• The current gap between savings deposits and required reserves encourages banks to invest in securities that may contribute to this bubble. Due to changes in the Fed’s own policies and additional measures introduced by the Dodd-Frank Wall Street Reform Act, the required reserves of banks have increased considerably since the financial crisis. According to the Federal Reserve Economic Database (FRED), the gross private saving of the United States has increased 51.4% from $2,470.1 billion as of the first quarter of 2008 to $3,738.5 billion as of the first quarter of 2016. However, the required reserve balances have increased by 1,275.3% from $7,017 billion to $96,507 billion in the same amount of time.

(Image: Graph of required reserves and savings since 2008. Source: FRED)(Image: Graph of required reserves and savings since 2008. Source: FRED)

  • This gap is partially responsible for an uncertain stock market that trades heavily on the whims of the Federal Reserve. According to Yellen, “Our experience suggests that it’s hard to have great confidence in predicting what the market reaction will be to Fed decisions… we can only do what is in our power to attempt to minimize needless volatility that could have repercussions for other countries or for financial stability more generally.” The following chart shows how the market reacts to public statements made by the Federal Reserve. Notice how announcements hinting at lowering rates or retaining current rates tend to result in an increase in the Dow Jones, whereas announcements hinting at a rate hike often result in a decrease of the Dow Jones.

<em>(Image: Graph of Dow Jones Industrial Average with Federal Reserve Interest Rate Announcements indicated. Source: FRED)</em>(Image: Graph of Dow Jones Industrial Average with Federal Reserve Interest Rate Announcements indicated. Source: FRED)

  • All of these factors point to a bubble building in the market for financial instruments, particularly in the stock market. Raising interest rates could help to prevent such a bubble by encouraging average American consumers, who currently have little incentive to save, to put more of their income into their savings accounts. This would help close the gap between deposits and required reserves and, in turn, reduce market-driven speculation.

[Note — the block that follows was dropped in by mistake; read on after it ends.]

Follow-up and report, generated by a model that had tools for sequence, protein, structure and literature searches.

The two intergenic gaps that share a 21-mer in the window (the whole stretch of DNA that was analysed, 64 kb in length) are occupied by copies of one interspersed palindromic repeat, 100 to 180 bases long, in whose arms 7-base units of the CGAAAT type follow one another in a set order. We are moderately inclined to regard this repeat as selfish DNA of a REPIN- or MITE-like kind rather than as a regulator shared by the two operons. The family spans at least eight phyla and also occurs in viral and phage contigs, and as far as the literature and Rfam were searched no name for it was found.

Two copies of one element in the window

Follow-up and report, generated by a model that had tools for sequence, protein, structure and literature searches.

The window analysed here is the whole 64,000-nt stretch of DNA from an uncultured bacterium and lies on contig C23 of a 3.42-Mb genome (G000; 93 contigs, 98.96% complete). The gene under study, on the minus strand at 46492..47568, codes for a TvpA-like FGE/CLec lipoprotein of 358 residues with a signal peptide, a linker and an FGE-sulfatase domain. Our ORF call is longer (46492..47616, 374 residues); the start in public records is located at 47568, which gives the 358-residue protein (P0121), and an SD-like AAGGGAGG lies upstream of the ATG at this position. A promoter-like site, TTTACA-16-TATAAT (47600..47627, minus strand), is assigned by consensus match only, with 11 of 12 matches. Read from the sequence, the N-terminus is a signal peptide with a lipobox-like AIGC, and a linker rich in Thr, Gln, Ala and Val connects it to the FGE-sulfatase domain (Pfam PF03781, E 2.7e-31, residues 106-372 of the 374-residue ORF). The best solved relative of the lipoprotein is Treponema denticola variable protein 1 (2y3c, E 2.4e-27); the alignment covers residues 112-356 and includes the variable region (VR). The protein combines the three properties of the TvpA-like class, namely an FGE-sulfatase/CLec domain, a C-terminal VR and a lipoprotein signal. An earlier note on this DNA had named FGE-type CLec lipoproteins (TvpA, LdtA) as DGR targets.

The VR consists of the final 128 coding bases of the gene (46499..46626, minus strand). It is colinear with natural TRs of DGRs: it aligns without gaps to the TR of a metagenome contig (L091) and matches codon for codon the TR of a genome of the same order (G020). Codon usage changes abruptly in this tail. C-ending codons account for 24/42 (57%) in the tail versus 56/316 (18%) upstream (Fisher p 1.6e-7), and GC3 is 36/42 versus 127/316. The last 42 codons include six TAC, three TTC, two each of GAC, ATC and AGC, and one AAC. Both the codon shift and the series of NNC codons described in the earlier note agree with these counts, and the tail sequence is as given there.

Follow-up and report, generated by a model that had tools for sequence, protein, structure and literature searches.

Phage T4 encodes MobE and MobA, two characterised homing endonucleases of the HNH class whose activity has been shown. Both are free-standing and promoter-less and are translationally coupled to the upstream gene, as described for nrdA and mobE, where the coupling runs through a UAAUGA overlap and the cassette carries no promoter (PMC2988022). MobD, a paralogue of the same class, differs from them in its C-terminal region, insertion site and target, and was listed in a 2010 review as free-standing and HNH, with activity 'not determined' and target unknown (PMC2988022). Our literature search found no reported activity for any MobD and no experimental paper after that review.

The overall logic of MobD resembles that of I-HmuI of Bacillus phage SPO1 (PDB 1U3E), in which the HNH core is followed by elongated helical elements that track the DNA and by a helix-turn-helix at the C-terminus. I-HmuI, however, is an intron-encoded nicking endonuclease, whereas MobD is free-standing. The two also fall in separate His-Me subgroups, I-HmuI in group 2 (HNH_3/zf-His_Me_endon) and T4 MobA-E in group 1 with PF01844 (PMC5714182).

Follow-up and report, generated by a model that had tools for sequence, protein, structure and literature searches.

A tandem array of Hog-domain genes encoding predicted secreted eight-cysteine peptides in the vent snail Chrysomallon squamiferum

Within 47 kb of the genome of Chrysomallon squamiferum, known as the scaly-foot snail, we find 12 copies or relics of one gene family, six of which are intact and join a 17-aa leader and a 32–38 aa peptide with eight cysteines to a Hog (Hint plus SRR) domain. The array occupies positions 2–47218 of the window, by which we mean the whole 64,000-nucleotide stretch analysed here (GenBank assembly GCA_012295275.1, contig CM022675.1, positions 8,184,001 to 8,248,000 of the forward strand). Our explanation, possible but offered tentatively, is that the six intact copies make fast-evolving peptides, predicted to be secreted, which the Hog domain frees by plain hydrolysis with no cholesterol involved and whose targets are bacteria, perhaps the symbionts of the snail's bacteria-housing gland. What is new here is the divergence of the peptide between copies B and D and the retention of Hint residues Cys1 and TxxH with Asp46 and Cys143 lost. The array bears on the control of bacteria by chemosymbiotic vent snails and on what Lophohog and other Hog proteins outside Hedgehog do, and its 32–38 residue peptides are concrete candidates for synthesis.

The Future of Rate Hikes

Throughout this year, the Fed’s hesitance to enact a rate hike can largely be explained by sluggish economic recovery and low inflation. For example, in March, the Fed set a target federal funds rate of 0.875% for the end of 2016, 1.875% for the end of 2017, and 3.000% for the end of 2018. But this now seems too ambitious: in light of last month’s decision, it seems that the Fed will, at most, enact one 0.25% rate hike by the end of this year, resulting in a rate of 0.625%.

(Image: Rate predictions from June placed the target for the end of 2016 at 0.9% (unlikely after...(Image: Rate predictions from June placed the target for the end of 2016 at 0.9% (unlikely after September's decision), 1.6% at the end of 2017, and 2.4% at the end of 2018. These figures, with the exception of 2016, are all smaller than their March counterparts. Source: Federal Reserve)

Despite the Fed’s overall hesitance to raise rates, there are some in the monetary policy community, such as Vice Chairman Stanley Fischer, who have suggested that some combination of spending or tax cuts could sustain a rate hike. The proposal’s boon to consumption would in turn raise equilibrium rates, accommodating a rate hike and offsetting the negative effects on consumption incurred by this increase. However, after last month’s decision, a rate hike will at least have to wait until December.

Student Blog Disclaimer
  • The views expressed on the Student Blog are the author’s opinions and don’t necessarily represent the Wharton Public Policy Initiative’s strategies, recommendations, or opinions.